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By Philip R. Fischer, MD, DTM&H
Professor of Pediatrics, Department of Pediatric and Adolescent Medicine, Mayo Clinic, Rochester, MN
Dr. Fischer reports no financial relationships relevant to this field of study.
SYNOPSIS: Inappropriate antibiotic use for a child with a viral respiratory infection is not a “one and done” error. Children who receive antibiotics when diagnosed with a viral respiratory infection are more likely to seek care for viral infections subsequently and to receive inappropriate antibiotics again.
SOURCE: Morgan JR, Carey KM, Barlam TF, et al. Inappropriate antibiotic prescribing for acute bronchitis in children and impact on subsequent episodes of care and treatment. Pediatr Infect Dis J 2019;38:271-274.
Each year, children in the United States receive approximately 10 million antibiotic prescriptions for the treatment of viral respiratory infections. While this practice is ineffective against viruses, this unnecessary antibiotic use contributes to antibiotic resistance, illness due to Clostridium difficile infection, the development of asthma, and increased risks of obesity. Provider characteristics and parental expectations can contribute to the inappropriate prescription of antibiotics. However, the effect of one inappropriate antibiotic prescription on future prescriptions for the same child had not been studied. Morgan and colleagues evaluated the likelihood that using antibiotics for one viral infection would alter prescribing habits during subsequent viral illnesses.
Morgan and his collaborators in Boston analyzed data from the Truven Health Analytics MarketScan Commercial Claims and Encounters database from 2008 through 2015. This database includes medical claims from 350 payers for employed individuals and their dependents across the United States. From this database, researchers assembled a cohort of 14,683 children born in 2008. Each included child had at least one medical encounter with a primary diagnosis of “acute bronchitis” (ICD-9 codes 466.xx and 490) and continued to be followed through 2015. Children with complex chronic conditions and children who had secondary diagnoses that would warrant antibiotic treatment were excluded from the cohort. Investigators evaluated the data to determine if prescribing behavior during the initial viral respiratory infection was associated with subsequent medical visits for similar infections and whether antibiotics were used during those subsequent visits. Provider characteristics (geographical region, specialty, practice setting) and patient characteristics (age, gender, previous diagnosis of asthma) were noted.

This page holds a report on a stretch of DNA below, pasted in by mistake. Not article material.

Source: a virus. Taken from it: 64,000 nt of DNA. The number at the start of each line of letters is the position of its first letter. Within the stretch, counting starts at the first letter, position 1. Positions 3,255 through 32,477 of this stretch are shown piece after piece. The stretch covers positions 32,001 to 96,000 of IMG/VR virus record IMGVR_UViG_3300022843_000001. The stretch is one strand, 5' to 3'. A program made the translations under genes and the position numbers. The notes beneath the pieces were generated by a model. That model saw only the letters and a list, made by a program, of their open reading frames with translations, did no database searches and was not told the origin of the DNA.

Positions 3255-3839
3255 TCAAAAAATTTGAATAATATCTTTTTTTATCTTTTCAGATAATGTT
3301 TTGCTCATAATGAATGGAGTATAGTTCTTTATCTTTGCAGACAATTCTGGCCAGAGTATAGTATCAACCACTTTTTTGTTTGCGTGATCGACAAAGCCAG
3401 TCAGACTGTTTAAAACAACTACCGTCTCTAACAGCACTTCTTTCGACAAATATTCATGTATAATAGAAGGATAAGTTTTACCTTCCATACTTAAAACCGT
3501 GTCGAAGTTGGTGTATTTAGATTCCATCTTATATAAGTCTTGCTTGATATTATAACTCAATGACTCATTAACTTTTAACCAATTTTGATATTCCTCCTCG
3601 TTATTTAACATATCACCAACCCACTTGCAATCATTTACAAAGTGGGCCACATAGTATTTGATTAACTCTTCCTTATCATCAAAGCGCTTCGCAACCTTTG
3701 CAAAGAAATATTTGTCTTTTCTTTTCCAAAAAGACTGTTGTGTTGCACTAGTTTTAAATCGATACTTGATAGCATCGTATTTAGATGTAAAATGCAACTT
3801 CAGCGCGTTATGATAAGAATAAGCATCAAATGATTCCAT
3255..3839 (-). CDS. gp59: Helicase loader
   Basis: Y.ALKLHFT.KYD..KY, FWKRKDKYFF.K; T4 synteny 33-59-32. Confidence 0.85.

Overall, 49.8% of children initially seen for a viral respiratory infection were treated with an antibiotic. Subsequently, 45% of children seen for an initial episode of bronchitis were seen later for another similar episode. Seventy-one percent of those who received an antibiotic with the first episode received an antibiotic again with the subsequent episode of a viral respiratory illness, compared with 43% of those who did not receive an antibiotic with the first viral infection. Antibiotic use during the first visit was more common among girls (48% vs. 44% in boys), in the Midwest, and in older children. Those with asthma and those treated by pediatricians were less likely to receive antibiotics.
If an antibiotic was given during the first episode of care for bronchitis, subsequent care for a similar visit was more likely (hazard ratio, 1.24), and repeat antibiotic use was more likely (hazard ratio, 2.13). Children with asthma were less likely to receive an antibiotic at the next visit for a viral respiratory infection.
Thus, the initial healthcare interaction for a viral respiratory infection was predictive of the risk for future visits and for subsequent antibiotic use. Specifically, those who inappropriately received an antibiotic at the first visit were more likely to return with a subsequent similar illness and were more likely to receive an inappropriate antibiotic prescription again.
During the past century, antibiotic use has reduced the morbidity and mortality of infections in children dramatically. Now, however, we are seeing problems from inappropriate overuse of antibiotics.